For Comparison's Sake: Handheld VHF Radios

We put handheld VHF radios to the test in an effort to help you boat safer.

Icom IC-M36
Splash Test: Icom claims it's not only waterproof but that it floats as well. So I chucked it into the harbor and let it bob around for 10 minutes. Flotation confirmed! Bash Test: Since the radio proved it can go swimming without damage, I returned to the concrete boat ramp and "accidentally" flung it 20 feet into the air. The impact caused nothing but a few scratches, so I gave it another throw. That one knocked the volume button out of kilter and it was slightly harder to turn, but the radio still worked like a champ. $320; icomamerica.com
Icom America
Uniden MHS75
Splash Test: Since the MHS75 doesn't float, I gave it the heave-ho at the boat ramp, into about three feet of water. Then I let it percolate for 10 minutes to give it a true stress test. Bash Test: Instead of gently retrieving the unit I kicked it up the ramp. Since it bounced up in front of my trailer, the natural decision was to jump in the truck, put it in drive and haul my 1,800-pound boat and trailer over the Uniden. This deliberate disaster put a lot of scratches and chips in the unit's screen and casing — but it still worked just fine. $129; uniden.com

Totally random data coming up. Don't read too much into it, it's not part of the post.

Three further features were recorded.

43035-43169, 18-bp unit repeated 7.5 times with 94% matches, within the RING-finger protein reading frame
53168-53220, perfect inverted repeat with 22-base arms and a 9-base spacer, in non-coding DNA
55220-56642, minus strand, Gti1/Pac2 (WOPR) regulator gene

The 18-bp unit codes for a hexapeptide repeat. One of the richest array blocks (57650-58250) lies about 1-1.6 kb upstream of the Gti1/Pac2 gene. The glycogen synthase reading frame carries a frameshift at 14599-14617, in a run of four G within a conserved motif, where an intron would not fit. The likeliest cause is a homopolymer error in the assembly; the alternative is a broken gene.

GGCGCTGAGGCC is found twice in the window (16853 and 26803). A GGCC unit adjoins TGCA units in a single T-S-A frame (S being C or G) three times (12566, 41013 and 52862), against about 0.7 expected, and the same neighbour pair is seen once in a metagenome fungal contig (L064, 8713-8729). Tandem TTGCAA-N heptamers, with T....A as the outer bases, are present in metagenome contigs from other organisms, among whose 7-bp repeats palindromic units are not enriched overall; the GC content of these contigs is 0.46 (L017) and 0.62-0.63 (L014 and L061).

Uniden
Cobra MR HH325 VP
Splash Test: Bored of the boat ramp, I decided to tie this radio to the end of a fishing line and practice my cast-and-retrieve technique from the dock. I didn't get any strikes, but five casts later the MR HH325 VP remained undamaged. Bash Test: It didn't seem fair to cast the Cobra onto concrete. But did it stop me? No, I turned 180 degrees and let it fly. The 30-foot flight ended with a crunching noise, plenty of scrapes and chinks, and a crack in the grate covering the speaker. Yet the radio still worked like new. $120; cobra.com
Cobra

Handheld VHF radios live miserable lives, yet we depend on them to work when we need a lifeline to the rest of the world. To find out if these three were tough enough to make the grade, I dropped them from my boat onto a concrete boat ramp — and then put them through a battery of torture tests.